Recapping our Conversation on Innovation in Healthcare
Innovation in healthcare is critical, particularly when leveraging artificial intelligence (AI) to improve the quality of care and reduce operational costs. During a discussion moderated by Treacy & Company by Cherry Bekaert Senior Consultant, Wes Pytlowany, two experts—Josh Coleman, Managing Partner and Healthcare Practice Leader at Treacy & Company by Cherry Bekaert, and Brie Riley, Director of Innovation at Henry Ford Health—shared insights about the role of AI and innovation in healthcare.
Below is a recap of some of the highlights from their discussion, which is available to stream in full here:
A Look Inside the Market – How AI Is Being Used in Healthcare
According to Coleman, AI is becoming so prevalent in healthcare that it is easy to lose sight of what AI really is. Technology has greatly improved quality and performance when it comes to capital equipment and imaging in healthcare, but there is a ceiling to how much improving software and imaging technology actually yields ROI for providers. “At some point, AI should deliver on the promise of getting us the same quality image for half the cost of the machine. That will be very disruptive in the imaging and the capital spaces,” Coleman said.
The use of AI also raises concerns about job displacement. Coleman notes that we must be very careful to focus on people and quality so that AI doesn’t just become one more cost-cutting measure, as opposed to a quality and care outcome improvement measure.
Riley echoed Coleman’s sentiments, saying that out of the hundreds of startups they look to incubate each year at Henry Ford, every single one has an AI component. Riley shared a unique case study about a wearable patch with an AI component that is being used to monitor vitals and alleviate spaghetti syndrome (patients who become entangled in tubes and wires) throughout the entire patient care journey, but particularly in the operating room.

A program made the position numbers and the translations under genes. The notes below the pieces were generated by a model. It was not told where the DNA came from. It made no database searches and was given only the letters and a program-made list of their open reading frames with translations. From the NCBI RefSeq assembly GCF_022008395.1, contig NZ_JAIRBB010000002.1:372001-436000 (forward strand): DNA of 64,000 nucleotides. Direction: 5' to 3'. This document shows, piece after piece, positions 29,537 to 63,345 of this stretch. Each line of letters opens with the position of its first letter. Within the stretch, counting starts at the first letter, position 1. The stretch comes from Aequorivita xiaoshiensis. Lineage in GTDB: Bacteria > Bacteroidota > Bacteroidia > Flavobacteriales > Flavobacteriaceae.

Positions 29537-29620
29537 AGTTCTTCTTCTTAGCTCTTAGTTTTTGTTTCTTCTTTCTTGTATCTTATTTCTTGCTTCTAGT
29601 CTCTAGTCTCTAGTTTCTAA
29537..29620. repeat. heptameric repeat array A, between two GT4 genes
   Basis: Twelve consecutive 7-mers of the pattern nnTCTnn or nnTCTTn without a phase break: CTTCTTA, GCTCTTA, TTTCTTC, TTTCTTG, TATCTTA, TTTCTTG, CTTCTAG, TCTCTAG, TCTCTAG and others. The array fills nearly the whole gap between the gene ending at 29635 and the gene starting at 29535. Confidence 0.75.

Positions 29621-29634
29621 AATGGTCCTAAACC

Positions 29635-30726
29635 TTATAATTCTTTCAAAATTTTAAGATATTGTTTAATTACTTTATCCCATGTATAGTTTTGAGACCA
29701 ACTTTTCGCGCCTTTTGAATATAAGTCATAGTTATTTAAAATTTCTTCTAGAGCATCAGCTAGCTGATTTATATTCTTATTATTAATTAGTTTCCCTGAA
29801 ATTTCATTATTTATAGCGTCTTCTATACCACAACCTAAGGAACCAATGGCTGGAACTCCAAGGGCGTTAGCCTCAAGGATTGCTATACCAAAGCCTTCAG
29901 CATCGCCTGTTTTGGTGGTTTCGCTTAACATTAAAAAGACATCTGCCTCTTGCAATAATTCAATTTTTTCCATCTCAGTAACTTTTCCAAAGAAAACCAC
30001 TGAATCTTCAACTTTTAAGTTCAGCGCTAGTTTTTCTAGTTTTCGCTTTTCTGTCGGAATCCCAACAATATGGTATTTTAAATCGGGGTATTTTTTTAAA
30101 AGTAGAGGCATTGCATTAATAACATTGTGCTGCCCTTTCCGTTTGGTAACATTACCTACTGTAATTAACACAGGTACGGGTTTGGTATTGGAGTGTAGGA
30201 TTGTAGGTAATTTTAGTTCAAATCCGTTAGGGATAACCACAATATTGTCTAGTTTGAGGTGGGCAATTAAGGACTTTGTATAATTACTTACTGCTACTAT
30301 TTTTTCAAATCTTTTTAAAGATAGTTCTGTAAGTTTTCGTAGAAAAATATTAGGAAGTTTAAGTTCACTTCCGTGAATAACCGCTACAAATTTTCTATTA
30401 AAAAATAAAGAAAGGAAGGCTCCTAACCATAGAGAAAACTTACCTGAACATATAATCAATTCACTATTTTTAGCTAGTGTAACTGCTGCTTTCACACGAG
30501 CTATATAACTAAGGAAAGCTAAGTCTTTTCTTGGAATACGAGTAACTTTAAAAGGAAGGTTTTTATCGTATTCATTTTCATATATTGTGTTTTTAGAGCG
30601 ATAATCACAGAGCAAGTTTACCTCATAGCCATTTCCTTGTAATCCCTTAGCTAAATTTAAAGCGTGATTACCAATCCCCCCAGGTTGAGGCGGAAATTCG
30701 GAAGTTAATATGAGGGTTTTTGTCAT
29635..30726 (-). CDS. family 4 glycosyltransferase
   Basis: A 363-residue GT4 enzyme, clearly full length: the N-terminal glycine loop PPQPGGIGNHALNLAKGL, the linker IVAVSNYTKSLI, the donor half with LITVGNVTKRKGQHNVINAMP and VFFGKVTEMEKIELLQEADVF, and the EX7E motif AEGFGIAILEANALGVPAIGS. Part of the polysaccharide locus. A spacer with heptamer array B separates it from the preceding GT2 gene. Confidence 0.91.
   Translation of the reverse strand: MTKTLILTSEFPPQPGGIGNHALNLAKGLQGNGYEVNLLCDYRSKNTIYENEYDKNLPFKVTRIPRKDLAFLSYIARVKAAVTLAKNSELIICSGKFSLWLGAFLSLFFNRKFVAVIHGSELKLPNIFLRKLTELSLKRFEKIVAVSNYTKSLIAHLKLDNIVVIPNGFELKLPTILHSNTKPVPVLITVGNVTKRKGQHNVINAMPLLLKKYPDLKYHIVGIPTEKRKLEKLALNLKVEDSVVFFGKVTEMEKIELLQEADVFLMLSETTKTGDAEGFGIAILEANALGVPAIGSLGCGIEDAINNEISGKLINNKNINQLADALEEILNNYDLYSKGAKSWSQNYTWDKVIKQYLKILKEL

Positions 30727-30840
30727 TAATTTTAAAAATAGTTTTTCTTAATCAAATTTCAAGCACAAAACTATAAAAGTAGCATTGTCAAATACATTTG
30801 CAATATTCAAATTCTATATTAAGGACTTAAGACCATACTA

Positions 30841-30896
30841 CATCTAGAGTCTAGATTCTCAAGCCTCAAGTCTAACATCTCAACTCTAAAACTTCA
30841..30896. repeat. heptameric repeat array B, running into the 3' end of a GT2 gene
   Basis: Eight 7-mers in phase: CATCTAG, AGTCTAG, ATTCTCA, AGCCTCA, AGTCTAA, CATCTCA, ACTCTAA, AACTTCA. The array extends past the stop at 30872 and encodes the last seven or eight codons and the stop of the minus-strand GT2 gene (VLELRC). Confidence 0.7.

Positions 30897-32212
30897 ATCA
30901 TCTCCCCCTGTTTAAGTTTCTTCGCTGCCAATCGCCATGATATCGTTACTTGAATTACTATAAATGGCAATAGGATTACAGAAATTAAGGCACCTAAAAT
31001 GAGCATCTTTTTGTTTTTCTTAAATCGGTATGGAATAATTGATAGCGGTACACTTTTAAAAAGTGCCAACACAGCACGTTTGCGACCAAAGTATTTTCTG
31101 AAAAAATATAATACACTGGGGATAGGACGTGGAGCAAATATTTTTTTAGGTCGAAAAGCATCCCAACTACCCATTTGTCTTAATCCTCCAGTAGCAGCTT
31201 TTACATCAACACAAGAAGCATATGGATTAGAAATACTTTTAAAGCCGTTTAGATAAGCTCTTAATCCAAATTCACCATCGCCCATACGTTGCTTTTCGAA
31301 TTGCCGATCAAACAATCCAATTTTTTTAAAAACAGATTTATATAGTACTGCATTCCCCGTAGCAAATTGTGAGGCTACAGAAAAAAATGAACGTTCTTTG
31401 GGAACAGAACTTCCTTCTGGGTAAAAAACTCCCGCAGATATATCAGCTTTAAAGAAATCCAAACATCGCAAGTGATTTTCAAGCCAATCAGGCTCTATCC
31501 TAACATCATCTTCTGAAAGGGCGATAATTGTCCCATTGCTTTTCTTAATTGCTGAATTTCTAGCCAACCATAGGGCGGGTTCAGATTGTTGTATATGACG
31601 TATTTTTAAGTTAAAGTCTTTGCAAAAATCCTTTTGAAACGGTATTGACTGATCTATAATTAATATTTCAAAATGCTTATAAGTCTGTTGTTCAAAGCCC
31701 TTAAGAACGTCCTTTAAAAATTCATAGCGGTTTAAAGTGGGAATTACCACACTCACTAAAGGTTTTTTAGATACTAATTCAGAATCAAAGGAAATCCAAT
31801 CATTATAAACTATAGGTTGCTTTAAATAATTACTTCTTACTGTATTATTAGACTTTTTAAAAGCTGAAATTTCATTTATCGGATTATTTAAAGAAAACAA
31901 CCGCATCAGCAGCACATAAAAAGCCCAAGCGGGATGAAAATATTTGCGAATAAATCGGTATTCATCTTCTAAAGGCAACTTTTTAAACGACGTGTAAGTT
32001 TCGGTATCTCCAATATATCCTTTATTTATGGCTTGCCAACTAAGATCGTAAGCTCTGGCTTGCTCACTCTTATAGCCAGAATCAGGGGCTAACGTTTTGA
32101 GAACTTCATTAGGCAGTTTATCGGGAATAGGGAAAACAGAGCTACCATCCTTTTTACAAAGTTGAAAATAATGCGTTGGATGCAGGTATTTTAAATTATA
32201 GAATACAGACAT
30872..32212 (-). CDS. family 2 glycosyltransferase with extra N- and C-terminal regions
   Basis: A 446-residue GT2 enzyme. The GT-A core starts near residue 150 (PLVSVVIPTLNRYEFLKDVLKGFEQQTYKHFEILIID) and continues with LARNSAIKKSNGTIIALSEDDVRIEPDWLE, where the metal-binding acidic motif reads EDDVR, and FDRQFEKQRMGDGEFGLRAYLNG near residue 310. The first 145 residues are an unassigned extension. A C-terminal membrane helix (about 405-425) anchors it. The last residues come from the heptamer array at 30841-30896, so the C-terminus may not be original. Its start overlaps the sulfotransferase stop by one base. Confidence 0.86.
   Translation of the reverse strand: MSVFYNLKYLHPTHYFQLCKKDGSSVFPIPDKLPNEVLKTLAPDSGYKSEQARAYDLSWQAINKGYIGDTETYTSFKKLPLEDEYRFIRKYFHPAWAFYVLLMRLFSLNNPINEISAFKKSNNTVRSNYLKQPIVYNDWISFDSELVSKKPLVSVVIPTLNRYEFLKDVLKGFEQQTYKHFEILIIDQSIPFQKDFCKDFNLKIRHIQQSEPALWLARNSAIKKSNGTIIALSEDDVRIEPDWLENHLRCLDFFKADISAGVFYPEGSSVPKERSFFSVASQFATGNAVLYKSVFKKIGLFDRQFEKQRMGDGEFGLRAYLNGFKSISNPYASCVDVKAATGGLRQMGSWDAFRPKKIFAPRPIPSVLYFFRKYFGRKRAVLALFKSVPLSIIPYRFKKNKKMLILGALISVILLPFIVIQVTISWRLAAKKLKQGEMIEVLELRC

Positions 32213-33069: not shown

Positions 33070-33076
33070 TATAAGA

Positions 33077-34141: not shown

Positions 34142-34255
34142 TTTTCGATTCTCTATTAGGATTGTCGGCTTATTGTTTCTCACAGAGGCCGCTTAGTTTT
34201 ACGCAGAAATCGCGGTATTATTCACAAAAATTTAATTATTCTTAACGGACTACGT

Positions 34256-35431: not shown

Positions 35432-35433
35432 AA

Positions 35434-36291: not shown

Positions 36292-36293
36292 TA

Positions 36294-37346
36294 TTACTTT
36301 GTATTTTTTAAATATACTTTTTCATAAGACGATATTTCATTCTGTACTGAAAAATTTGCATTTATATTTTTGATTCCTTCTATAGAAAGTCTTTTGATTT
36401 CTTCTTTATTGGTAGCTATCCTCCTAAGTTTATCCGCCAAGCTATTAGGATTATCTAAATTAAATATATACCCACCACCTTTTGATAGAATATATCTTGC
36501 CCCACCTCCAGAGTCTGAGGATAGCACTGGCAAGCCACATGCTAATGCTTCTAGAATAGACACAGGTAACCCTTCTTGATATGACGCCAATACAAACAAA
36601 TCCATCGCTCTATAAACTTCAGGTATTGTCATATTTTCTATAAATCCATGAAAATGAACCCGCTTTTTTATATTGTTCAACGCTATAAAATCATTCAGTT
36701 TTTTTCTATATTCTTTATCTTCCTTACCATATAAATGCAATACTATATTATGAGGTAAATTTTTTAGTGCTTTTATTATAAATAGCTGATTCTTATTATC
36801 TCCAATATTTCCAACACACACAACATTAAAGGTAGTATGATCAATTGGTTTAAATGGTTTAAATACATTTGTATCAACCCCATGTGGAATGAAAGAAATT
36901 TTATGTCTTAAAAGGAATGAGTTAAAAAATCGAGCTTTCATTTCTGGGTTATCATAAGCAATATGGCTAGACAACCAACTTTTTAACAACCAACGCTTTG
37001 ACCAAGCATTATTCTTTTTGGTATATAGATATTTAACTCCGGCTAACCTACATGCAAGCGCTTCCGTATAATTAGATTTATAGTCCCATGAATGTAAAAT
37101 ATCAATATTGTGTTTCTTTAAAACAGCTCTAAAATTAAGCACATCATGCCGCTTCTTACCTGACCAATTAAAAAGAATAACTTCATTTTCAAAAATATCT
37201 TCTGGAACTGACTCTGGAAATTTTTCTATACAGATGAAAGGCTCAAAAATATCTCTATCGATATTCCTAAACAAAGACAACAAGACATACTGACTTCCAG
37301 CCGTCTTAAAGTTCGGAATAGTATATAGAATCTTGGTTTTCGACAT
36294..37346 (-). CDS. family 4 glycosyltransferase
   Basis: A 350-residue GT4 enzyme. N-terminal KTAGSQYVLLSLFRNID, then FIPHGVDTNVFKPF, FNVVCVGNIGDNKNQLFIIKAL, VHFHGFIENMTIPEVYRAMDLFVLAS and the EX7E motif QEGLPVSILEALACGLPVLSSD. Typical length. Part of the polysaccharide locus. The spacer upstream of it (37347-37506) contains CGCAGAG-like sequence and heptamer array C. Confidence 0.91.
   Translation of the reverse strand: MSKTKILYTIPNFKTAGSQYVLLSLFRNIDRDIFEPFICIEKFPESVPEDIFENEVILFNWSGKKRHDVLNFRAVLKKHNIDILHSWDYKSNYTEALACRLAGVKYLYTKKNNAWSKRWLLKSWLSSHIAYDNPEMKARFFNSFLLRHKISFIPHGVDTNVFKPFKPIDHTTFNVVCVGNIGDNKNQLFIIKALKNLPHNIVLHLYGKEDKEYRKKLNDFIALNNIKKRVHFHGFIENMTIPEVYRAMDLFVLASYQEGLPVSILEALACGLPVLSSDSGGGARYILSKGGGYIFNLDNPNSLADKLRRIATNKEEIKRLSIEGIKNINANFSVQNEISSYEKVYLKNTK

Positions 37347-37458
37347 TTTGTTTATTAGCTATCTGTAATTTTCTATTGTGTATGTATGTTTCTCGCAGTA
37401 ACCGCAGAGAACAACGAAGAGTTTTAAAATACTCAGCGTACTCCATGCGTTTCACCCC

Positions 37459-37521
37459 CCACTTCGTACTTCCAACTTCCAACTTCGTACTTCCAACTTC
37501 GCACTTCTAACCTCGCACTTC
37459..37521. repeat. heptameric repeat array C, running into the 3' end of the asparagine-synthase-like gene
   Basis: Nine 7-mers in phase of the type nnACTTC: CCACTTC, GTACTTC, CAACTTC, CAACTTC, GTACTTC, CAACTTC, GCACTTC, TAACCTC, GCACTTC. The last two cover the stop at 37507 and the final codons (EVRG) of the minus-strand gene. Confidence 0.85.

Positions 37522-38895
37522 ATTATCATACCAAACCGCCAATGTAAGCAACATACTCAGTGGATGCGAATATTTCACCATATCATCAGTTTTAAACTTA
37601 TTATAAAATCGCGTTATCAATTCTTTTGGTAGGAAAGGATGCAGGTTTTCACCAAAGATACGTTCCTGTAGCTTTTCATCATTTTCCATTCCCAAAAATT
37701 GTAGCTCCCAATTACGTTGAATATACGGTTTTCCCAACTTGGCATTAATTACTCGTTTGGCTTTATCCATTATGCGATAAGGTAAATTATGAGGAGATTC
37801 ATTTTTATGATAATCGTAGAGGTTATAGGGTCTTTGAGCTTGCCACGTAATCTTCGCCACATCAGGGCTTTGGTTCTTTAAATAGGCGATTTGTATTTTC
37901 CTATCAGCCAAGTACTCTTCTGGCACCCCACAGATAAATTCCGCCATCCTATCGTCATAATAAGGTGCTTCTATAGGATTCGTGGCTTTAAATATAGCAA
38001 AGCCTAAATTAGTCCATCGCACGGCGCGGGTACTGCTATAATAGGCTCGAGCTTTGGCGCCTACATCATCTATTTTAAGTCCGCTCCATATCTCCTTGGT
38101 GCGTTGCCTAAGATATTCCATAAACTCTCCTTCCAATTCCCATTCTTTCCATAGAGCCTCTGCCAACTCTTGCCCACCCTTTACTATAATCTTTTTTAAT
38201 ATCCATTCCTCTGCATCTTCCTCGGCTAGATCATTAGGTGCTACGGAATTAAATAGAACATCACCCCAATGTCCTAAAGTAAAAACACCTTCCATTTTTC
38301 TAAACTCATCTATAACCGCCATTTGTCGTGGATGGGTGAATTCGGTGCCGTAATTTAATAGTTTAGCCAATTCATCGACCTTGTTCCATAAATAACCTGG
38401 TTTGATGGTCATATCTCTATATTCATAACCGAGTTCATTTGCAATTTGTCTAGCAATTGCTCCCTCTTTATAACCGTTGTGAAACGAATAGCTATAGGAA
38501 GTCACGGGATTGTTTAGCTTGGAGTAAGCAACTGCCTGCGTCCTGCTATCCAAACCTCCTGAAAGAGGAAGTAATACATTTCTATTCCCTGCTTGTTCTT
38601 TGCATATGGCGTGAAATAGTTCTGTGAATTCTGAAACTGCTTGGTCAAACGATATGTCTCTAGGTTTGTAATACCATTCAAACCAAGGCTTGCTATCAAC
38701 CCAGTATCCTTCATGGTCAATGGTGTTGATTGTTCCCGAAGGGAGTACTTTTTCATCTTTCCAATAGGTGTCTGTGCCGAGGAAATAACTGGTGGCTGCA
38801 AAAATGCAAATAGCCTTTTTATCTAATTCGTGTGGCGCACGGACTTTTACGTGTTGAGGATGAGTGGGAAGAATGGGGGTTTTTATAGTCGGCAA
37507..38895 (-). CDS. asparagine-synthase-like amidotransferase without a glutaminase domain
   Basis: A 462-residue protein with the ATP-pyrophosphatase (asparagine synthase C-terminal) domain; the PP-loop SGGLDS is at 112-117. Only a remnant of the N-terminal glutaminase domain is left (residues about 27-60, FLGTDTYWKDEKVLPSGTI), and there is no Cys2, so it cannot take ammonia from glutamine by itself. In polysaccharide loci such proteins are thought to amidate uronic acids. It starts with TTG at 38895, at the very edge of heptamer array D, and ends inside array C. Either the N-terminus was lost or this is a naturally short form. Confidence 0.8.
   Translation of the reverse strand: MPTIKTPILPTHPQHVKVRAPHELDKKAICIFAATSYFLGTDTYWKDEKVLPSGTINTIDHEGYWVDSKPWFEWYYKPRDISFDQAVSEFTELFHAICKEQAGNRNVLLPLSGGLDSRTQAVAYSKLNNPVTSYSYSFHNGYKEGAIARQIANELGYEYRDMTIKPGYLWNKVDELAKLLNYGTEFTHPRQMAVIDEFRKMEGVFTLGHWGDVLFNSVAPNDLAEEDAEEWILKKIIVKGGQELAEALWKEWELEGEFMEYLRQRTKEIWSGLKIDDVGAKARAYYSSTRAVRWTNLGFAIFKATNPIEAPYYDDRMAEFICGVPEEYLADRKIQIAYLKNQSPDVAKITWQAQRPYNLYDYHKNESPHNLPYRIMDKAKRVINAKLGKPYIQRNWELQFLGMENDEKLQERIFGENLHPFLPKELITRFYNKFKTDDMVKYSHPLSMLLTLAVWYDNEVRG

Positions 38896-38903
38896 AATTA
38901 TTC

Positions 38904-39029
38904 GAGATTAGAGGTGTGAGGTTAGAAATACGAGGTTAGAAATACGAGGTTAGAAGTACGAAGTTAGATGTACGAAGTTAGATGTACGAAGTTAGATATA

“We’ve seen all sorts of wearables. However, they didn’t have the same breadth of capabilities this technology had,” Riley noted. After a wildly successful pilot launch, they are looking to feed the AI with de-identified data, which is critical to remain competitive in a very saturated landscape.
Returning To Profitability – Using Innovation as a Tool
As healthcare organizations return to profitability following several years of the COVID-19 pandemic, Riley shared two driving factors that impede their ability to do so: revenue generation and nursing costs. Despite the difficulties of running a system amid pandemic conditions, Henry Ford remained profitable by focusing on what they were good at from a revenue-generating standpoint—shifting more personnel into their procedure and operating rooms. They also proactively pursued retaining their nurses by understanding how to keep them feeling happy, safe and valued.
“I think what we’ll be seeing in the future is how we can leverage things such as robots to reduce unnecessary tasks that will keep our nurses happier to help us save time and money,” Riley predicted. “Really, it takes a full circle approach to keep patients and nurses safe, and to eliminate unnecessary tasks.”